What's caused this private school proliferation? One possible explanation - not easily verified or disproved - is that the demographics of those who ''make it'' have taken a turn towards the affluent. An indisputable reason is that these schools are recruiting kids from all sorts of backgrounds to improve their performance and brand in football. Yet another is that, due to their coaching, facilities and resources, a number of private schools have become attractive destinations for the football-focused family.

''Scholarships'' is the word one hears first, from people within the game and some schools, on the subject of the private school takeover of much of the national draft. Certainly, most schools do offer financial inducements - either reduced fees, or an outright scholarship - to attract boys who can greatly improve the first 18. In some instances, the scholarships are offered for general excellence - a kid might have to play another sport well, or the flute, and maintain academic standards.

Scotch broke new ground by offering scholarships to indigenous kids from the Northern Territory - the most notable and influential being Cyril Rioli. It was a pattern that Melbourne Grammar followed (Steven May, the apparent victim of Campbell Brown's late night pugilism, was a Melbourne Grammar NT recruit), while Haileybury was once seen by its rivals to be at the forefront of recruiting gun footballers, and Caulfield Grammar received major exposure when it landed a Gippsland kid - via a scholarship - called Brendon Goddard.

Melbourne Grammar and Scotch play an annual game at the MCG that commemorates the code's first game (played near the 'G in 1858) in a tradition that was re-introduced as a permanent fixture in 2000. When Grammar was embarrassingly walloped in one of those early games, the school decided to lift its game.

As former Melbourne Grammar headmaster, the ex-Test cricketer and current MCC chairman Paul Sheahan acknowledged, the school did subsequently enter the business of footy via scholarships. For Melbourne Grammar and Scotch, the foundation game at the 'G is their answer to Collingwood and Essendon on Anzac Day.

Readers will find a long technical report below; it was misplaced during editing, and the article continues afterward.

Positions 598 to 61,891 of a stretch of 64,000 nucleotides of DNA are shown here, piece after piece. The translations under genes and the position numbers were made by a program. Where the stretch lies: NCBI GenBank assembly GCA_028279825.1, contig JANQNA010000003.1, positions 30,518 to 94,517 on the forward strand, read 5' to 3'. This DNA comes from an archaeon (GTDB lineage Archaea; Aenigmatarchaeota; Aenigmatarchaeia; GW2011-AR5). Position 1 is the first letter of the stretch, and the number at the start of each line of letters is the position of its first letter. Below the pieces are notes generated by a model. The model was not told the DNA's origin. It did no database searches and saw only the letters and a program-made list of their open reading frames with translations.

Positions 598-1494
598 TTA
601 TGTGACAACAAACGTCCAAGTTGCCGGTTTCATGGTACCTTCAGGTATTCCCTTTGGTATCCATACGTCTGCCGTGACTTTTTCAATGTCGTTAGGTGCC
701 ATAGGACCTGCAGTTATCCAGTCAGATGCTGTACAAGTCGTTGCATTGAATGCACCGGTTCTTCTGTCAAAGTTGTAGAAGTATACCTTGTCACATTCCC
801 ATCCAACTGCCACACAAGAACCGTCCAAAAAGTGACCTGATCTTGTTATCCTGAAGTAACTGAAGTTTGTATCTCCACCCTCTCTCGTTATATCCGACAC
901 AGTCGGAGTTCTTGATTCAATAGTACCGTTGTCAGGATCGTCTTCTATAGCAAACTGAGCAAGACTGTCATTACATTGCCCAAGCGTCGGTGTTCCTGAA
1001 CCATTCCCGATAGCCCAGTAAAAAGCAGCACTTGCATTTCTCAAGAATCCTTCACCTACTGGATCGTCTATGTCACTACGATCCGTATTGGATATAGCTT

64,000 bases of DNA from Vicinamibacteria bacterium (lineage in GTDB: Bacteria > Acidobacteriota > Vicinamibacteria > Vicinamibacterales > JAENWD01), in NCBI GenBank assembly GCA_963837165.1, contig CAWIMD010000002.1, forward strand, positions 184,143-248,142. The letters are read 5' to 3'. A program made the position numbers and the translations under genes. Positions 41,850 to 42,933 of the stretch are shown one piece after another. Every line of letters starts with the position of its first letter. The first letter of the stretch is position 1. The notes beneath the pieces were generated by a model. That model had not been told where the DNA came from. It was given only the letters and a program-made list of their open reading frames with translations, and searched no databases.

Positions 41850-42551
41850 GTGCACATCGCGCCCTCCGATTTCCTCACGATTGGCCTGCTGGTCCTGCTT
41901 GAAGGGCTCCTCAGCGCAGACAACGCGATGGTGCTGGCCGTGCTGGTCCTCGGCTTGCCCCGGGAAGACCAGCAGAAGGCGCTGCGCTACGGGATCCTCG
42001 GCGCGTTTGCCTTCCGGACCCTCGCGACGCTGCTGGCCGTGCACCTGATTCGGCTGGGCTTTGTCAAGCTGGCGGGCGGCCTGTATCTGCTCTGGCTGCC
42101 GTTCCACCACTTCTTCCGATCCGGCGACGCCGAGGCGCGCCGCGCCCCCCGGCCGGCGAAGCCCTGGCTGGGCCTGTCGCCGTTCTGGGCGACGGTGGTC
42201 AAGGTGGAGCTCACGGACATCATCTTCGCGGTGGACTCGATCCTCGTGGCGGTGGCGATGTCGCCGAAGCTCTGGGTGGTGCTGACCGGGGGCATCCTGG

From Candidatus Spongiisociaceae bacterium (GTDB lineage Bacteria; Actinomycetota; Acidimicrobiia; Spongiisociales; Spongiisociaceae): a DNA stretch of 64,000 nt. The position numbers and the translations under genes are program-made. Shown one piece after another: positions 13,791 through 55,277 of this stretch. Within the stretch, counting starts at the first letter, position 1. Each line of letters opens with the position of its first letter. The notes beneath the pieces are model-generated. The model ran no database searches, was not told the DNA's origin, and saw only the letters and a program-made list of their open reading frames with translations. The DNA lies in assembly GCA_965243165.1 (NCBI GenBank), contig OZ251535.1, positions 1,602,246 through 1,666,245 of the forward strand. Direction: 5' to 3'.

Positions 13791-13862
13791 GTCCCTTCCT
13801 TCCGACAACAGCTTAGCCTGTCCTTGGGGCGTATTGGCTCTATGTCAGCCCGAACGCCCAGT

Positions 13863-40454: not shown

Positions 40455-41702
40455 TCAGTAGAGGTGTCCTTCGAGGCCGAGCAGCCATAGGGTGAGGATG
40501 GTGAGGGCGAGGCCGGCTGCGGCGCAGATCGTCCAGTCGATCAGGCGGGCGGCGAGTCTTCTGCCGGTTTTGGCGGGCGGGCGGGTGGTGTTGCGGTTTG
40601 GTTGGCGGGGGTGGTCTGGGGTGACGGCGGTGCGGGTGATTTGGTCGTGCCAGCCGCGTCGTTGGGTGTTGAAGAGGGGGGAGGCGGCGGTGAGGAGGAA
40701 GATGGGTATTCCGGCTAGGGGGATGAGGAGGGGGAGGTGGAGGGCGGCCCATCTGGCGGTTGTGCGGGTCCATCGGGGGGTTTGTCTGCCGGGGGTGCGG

But Sheahan said the school didn't simply offer inducements to prospective footballers without considering what they would bring off the field - such as leadership and spirit. Grammar's Hugh Goddard, a cousin of the Essendon best and fairest, is projected as a top-five pick for the 2014 national draft.

Yet, scholarships shouldn't be overrated as a factor. Neither of Brighton Grammar's top-10 draftees were on scholarships, nor was Billings at Scotch or McDonald at Trinity. The majority of those drafted this year from private schools weren't recruited via the chequebook.

Xavier College, the Jesuit school that didn't hold a liturgical candle to Assumption's football program in the '70s and '80s, has become a major player in football - not least the AFL administration and player management. The Swans have five Xaverians in their ranks: Josh Kennedy, Dan Hannebery, Alex Johnson, Ted Richards and his neatly-named brother, Xavier.

Luke Ball and Jobe Watson are other prominent Xavier alumni, whose influence in the game bespeaks two other trends. One is that footy families have gravitated to Xavier. Ball's father Ray played for South Melbourne and Richmond and his mother Jenny and Josh Kennedy's mum are sisters of ex-Hawthorn premiership player Peter Russo. Josh Kennedy himself representing the third generation of the Kennedy dynasty. Hannebery's dad played for the Bulldogs, his uncle Mark for Collingwood and Essendon, while former Carlton player Luke O'Sullivan is Dan's uncle. Jobe Watson, plainly, has serious football pedigree on his dad's side.

A sizeable number of middle-aged ex-footballers made sufficient money to become private school parents. Their sons are littered throughout the elite schools - as are the ex-players and coaches who work for these heavily-resourced, high fee schools. Robert Shaw, an English teacher, runs Brighton Grammar's footy program, while Stewart Loewe and more recently Matthew Lloyd have provided assistance to Haileybury. Melbourne Grammar employed ex-Bulldog Michael Ford on a similar teaching/footy combination, and Matthew Knights briefly worked at Xavier following his termination by Essendon; last year, Xavier was coached by Dan Richardson, an old boy who is running Richmond's football department.

There's a cottage industry sprouting in private school football programs, which, on present indications, could turn into a space race that imitates AFL football departments (no school has yet landed in Arizona for an altitude camp).

More worrisome is the possibility that football is trending towards affluence.

Dan Richardson doesn't think this is too great a concern. ''The right talent will still find its way through.''